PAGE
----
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When you have your appointment with Mr Asopa, he may ask you to undergo further investigations. This could include radiographs (X-rays) and / or an MRI scan. He may occasionally recommend other investigations such as a CT scan or blood tests.

X-rays or tests are needed to further investigate and diagnose a condition or injury. Here’s what to expect:

An X-ray involves exposure to radiation that passes through the body and is picked up by a detector. X-rays pass less easily through bone than cartilage, muscle or fat (called soft tissues). This explains why bone shows up as white on an X-ray and cartilage does not show up. Weight bearing X-rays are useful for establishing the presence and degree of cartilage loss from the hip and knee joints.

The NHS website provides more details about this:

An MRI scan (Magnetic Resonance Imaging) uses magnetic fields to align protons within your body. A radio wave is applied to the area of the body being studied, and this causes the protons to move out of alignment. When the radio wave is turned off, the protons give out a signal which is picked up by a detector. MRI does not use radiation and is considered safe. Sometimes an MRI scan may not be recommended because you have a certain type of metal implant or pacemaker that is not compatible. People sometimes feel claustrophobic because it involves passing through a tunnel.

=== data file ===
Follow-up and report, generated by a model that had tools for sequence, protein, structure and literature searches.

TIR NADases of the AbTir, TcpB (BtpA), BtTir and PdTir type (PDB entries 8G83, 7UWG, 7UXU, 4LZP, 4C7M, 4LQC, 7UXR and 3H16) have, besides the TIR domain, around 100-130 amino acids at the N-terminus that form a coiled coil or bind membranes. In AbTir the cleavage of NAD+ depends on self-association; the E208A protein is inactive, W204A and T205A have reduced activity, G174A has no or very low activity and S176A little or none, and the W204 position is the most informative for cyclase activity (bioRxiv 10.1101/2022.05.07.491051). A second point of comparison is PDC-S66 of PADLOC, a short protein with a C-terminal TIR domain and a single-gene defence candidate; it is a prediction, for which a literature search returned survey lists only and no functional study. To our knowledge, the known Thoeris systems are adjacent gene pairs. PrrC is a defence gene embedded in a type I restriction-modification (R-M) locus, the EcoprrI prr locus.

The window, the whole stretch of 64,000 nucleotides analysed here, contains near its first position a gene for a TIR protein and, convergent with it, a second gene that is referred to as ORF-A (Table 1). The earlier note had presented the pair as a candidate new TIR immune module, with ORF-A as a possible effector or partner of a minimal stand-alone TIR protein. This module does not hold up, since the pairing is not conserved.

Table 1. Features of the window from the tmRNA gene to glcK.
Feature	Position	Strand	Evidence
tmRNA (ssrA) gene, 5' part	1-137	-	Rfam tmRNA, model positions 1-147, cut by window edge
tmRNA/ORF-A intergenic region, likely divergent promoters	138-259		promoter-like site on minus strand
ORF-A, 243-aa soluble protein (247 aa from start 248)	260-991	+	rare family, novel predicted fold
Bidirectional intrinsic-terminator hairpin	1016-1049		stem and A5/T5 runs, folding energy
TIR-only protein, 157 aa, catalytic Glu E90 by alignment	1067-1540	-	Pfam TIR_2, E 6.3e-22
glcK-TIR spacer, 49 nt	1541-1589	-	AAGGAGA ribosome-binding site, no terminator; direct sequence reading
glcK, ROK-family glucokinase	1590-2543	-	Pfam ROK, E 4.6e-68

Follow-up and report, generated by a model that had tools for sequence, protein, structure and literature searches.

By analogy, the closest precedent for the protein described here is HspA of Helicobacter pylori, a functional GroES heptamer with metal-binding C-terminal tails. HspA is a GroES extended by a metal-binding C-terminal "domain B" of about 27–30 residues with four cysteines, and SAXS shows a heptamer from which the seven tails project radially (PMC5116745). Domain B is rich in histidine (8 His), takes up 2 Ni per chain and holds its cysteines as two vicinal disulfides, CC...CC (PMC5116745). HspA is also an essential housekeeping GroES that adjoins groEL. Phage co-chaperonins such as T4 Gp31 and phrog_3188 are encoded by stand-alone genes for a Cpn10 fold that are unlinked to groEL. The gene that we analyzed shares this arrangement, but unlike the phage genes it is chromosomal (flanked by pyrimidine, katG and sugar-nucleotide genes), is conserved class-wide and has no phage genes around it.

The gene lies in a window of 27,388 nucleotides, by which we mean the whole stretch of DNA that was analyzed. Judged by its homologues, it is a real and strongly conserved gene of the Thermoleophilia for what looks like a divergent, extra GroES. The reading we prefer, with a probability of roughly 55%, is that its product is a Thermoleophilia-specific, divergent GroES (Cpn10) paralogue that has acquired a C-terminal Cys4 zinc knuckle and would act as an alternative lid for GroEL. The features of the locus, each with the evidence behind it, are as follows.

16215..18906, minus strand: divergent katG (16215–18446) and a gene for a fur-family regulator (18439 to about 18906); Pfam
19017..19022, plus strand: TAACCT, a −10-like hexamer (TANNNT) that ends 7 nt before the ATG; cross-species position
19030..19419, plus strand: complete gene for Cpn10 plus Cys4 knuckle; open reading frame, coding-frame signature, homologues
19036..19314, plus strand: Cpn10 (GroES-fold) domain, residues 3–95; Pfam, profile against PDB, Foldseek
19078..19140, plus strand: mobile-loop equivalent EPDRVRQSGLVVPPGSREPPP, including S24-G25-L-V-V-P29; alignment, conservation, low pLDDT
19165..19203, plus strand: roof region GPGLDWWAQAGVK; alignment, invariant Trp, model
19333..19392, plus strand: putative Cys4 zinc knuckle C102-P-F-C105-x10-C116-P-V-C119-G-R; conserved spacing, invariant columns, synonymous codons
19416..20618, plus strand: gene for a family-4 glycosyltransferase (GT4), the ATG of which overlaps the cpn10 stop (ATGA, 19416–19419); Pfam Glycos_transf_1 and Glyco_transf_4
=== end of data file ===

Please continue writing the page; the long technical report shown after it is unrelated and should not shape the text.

The NHS website provides more detail about this:

A CT scan (Computed Tomography) is used to create images of the body using X-rays. Similar to X-rays, it is good for studying bone (including fractures and alignment). It can also be used to guide certain types of interventional procedures (like injections or aspirating fluid samples. It involves moving through a tunnel like an MRI scan, but it does not surround the whole body so patients feel less claustrophobic compared to an MRI scan.

The NHS website provides more detail about this:

An ultrasound scan uses high frequency sound waves to produce images. The sonographer, radiologist or other doctor carrying out the ultrasound will apply a gel to the area being studied and then put a probe on top to scan the area. The ultrasound can also be used to guide aspirations from a joint and injections (such as steroid and local anaesthetic) into a joint.

The NHS website provides more detail about this:
The British Institute for radiology also provides further information and links:

Other tests may include blood tests. These can be used to check your full blood count (includes haemoglobin and white cell count) and urea and electrolytes (to test for renal function). The c-reactive protein and erythrocyte sediment rate may also be tested to look for inflammation. Vitamin D levels and rheumatological tests may also be carried out if indicated. Other tests may sometimes be required.


Book your Appointment
with Mr Vipin Asopa

To book an appointment or for any questions or information, please contact Mr Asopa's Medical Secretaries Mandy and Mary by phone or email: